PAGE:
Clementine Ford
The demise of independent media

After last year’s federal leadership spill, the newly anointed prime minister, Scott Morrison, wasted no time asserting his deeply conservative convictions. After a hand-wringing “report” in The Daily Telegraph about training teachers how to respond to the rise in trans-identifying children in schools, the prime minister tweeted, “We do not need ‘gender whisperers’ in our schools. Let kids be kids.”

I was just one of many who reacted with anger. The assumption transgender identity can be somehow implanted in vulnerable children by “politically correct” svengalis is deeply offensive, and it only serves to further isolate trans kids, who already report heightened rates of suicide and depression.

Morrison’s characterisation of this training was despicable. I said as much in response to his tweet, calling him a “fucking disgrace”.

I wasn’t surprised to be contacted by my then boss. But even I hadn’t realised the depths to which a once proudly independent news organisations had sunk in its attempts to appeal to the right wing. The day after I posted my tweet, I was told a memo had recently been circulated around the offices of Fairfax directing staff to, among other things, “respect the office of the Prime Minister”.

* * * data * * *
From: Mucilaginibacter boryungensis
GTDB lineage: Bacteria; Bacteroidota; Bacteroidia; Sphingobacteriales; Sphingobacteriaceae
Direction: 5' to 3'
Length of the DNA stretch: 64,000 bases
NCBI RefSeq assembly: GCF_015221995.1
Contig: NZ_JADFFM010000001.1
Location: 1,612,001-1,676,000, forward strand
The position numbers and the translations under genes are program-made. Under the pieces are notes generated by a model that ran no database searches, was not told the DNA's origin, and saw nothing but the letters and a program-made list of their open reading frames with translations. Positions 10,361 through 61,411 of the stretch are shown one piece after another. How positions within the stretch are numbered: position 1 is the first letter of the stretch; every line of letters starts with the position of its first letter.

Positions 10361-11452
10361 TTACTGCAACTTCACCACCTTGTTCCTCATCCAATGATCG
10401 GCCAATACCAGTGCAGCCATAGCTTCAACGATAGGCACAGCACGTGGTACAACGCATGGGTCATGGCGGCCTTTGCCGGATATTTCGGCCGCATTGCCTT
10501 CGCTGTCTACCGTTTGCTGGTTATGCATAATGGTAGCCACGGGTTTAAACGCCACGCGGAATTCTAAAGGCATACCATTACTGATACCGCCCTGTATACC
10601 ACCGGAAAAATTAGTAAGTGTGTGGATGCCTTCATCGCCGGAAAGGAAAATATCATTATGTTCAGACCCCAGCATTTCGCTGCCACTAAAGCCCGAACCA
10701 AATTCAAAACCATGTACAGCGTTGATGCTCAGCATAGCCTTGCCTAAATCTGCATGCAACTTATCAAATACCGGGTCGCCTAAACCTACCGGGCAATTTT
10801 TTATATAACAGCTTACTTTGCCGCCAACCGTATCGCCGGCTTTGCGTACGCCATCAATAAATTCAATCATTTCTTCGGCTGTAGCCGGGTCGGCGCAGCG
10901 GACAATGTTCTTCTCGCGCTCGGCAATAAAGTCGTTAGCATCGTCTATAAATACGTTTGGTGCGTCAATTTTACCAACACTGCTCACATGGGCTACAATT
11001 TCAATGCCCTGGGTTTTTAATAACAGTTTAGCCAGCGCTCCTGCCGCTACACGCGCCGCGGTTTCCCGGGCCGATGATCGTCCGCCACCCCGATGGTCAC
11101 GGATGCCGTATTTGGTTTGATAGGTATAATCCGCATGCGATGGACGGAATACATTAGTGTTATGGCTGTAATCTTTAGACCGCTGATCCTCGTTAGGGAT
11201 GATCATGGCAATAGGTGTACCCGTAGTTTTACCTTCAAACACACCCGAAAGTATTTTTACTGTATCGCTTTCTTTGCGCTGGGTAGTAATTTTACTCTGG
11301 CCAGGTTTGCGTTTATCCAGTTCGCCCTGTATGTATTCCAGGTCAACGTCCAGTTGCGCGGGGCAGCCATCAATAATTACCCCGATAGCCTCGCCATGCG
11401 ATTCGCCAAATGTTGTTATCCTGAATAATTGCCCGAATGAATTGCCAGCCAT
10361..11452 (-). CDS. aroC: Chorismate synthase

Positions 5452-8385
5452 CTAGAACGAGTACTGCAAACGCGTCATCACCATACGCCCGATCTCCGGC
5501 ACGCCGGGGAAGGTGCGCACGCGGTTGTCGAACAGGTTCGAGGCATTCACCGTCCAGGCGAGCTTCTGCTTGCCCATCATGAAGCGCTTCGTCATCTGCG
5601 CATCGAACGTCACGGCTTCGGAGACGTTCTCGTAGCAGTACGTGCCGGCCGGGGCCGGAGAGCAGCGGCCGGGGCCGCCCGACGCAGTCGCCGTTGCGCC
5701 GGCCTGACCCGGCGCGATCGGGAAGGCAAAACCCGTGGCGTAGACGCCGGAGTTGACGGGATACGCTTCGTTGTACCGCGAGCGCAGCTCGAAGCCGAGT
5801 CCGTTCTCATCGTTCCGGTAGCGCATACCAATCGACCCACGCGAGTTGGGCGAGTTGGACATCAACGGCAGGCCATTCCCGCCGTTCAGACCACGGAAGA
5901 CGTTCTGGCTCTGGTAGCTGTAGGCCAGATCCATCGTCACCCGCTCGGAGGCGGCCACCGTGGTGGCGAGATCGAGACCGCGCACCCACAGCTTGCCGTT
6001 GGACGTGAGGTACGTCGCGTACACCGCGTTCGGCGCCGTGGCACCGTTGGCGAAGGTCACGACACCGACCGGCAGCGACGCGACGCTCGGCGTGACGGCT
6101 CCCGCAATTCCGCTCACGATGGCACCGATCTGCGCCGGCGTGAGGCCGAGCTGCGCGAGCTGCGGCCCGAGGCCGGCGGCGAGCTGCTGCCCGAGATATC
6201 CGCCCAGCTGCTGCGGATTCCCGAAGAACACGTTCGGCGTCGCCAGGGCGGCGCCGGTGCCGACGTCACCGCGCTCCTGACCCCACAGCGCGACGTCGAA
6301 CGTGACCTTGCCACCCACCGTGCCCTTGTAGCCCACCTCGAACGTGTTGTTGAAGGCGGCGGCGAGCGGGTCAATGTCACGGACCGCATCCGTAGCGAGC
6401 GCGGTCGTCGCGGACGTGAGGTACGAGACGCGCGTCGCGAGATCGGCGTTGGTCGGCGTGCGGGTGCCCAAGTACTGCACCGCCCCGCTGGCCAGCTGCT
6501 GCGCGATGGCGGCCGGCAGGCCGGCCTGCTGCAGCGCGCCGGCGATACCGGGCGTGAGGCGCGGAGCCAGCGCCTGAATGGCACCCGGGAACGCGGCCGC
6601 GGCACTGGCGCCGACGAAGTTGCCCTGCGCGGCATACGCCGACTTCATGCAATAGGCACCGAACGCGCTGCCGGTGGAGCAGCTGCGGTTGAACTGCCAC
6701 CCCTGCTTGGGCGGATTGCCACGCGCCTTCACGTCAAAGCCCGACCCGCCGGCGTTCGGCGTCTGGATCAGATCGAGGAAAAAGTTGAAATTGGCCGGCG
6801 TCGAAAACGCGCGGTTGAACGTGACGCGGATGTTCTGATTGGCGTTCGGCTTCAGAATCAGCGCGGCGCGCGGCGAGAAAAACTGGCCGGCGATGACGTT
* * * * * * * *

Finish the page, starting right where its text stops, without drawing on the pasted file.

But as a mere freelancer, I hadn’t received the memo – nor the seven years’ worth of superannuation, sick leave, holiday pay, job security and reasonable salary increases that would have accompanied being on staff. Apparently, referring to Scott Morrison as a “fucking disgrace” was not an act of respect; instead, this behaviour was now considered a sackable offence. I was told this would be my first and final warning.

It was concerning to see how fearful my employer was of the fallout that might come from a tweet criticising the country’s most senior political figure – particularly when that tweet, written by a freelance contributor, wasn’t even widely shared. But my editor made it clear to me that some punishment was required, because they wanted to say appropriate action had been taken should The Australian decide to write about it. I was due to fly to the United States the following week for a two-week book tour, so I agreed to go on paid leave for the duration. Still, I was troubled by how Fairfax seemed to be making its decisions on the basis of a competitor’s potential outrage.